Etimologii: (muntele) IDA, IDA-MATER, DIKTE

Vedeti Dv, religia minoica, apoi cea miceniana a avut o particularitate fata de alte religii din lume. Ritualurile se desfasurau in natura. pe varfuri de munte si in pesteri; nu era foarte sofisticata, nepunand accent pe temple. Prea putine urme au ramas, asa incat nu se cunoaste in amanunt structurarea si desfasurarea acestor ritualuri.


Cultic practice                                                                                                                               Based on archaeological evidence of such as paintings, statuettes, and seal rings, it is clear that the dominant figure in Minoan religion was a goddess, with whom a younger male figure, perhaps a consort or son, is often associated, usually in contexts suggesting that the male figure is a worshiper. The Goddess was also often associated with animals, especially the snake, but also with bull, lion, and dove. She seems to have been served by priestesses, but there is no evidence that Minoan religious practice was centered around formal public temples. Some scholars see in the Minoan Goddess a female divine solar figure

Din Full text of “Minoan Mycenaean Religion And Its Survival In Greek ……/2015.529266.minoan-mycenaean_djvu.txt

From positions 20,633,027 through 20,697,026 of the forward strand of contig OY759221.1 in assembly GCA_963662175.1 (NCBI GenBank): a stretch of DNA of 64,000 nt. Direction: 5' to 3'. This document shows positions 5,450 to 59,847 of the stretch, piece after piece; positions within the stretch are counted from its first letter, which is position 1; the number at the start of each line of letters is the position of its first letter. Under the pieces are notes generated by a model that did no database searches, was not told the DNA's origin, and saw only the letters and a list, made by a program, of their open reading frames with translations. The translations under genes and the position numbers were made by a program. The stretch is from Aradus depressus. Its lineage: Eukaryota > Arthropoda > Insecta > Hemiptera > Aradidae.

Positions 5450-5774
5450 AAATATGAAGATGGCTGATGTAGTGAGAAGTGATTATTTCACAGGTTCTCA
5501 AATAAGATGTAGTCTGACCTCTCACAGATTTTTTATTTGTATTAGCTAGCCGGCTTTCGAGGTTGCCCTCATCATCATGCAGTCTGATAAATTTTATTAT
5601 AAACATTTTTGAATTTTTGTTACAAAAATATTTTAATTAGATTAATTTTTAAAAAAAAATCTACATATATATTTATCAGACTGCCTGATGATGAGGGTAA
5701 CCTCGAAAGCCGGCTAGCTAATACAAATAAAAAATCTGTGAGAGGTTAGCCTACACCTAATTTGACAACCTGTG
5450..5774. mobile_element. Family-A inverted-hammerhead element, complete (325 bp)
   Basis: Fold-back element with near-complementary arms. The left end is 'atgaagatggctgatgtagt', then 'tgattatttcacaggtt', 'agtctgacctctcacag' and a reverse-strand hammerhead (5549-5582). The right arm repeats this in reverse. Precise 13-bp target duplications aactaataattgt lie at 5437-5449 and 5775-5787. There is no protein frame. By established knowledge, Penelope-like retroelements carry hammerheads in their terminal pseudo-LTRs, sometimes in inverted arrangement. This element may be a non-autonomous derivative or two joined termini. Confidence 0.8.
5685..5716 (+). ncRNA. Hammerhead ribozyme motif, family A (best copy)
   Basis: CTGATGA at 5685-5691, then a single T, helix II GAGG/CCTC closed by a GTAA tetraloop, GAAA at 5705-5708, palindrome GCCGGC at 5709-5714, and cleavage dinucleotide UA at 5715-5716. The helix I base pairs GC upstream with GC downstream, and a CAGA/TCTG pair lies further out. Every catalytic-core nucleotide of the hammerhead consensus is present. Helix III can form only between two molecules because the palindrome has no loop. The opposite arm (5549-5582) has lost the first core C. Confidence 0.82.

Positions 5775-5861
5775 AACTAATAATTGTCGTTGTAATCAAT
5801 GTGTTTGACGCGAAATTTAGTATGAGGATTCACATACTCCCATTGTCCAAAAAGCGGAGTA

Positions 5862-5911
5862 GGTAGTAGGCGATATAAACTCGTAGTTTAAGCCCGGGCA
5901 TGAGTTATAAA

Religion based on the assumption of a Minoan colonization of the mainland, p. …… There are other caves on Mt. Ida which were frequented during the Minoan age. …… are symbols of the Great MinoanEarth Goddess who is akin to Magna Mater. ..

Din Idaea – Wikipedia



Din Mount Ida  ://                                                          << In Greek mythology, two sacred mountains are called Mount Ida, the “Mountain of the Goddess”: Mount Ida in Crete; and Mount Ida in the ancient Troad region of western Anatolia(in modern-day Turkey) which was also known as the Phrygian Ida in classical antiquity and is the mountain that is mentioned in the Iliad of Homer and the Aeneid of Virgil. Both are associated with the mother goddess in the deepest layers of pre-Greek myth, in that Mount Ida in Anatolia was sacred to Cybele, who is sometimes called Mater Idaea (“Idaean Mother”),[1] while Rhea, often identified with Cybele, put the infant Zeus to nurse with Amaltheia at Mount Ida in Crete.                                            Etymology                                                                                                                                          The name Ida (Ἴδη) is of unknown origin. Instances of i-da in Linear A probably refer to the mountain in Crete. Three inscriptions bear just the name i-da-ma-te (AR Zf 1 and 2, and KY Za 2), and may refer to mount Ida [3] or to the mother goddess of Ida ( Ἰδαία μάτηρ). In Iliad (Iliad, 2.821), Ἵδη (Ida) means wooded hill, and reminds the mountain worship in the Minoan mother goddess religion.[4] The name is related with the nymph Idaea, who according to Diodor was the mother of the ten Kuretes.[5] Idaea was also an epithet of Cybele. Romans knew Cybele as Magna Mater (“Great Mother”), or as Magna Mater deorum Idaea (“great Idaean mother of the gods”), equivalent to the Greek title Meter Theon Idaia(“Mother of the Gods, from Mount Ida”).[6] Proclus considered it as the “mount of the Ideas, whence its etymology.>>     =============================================================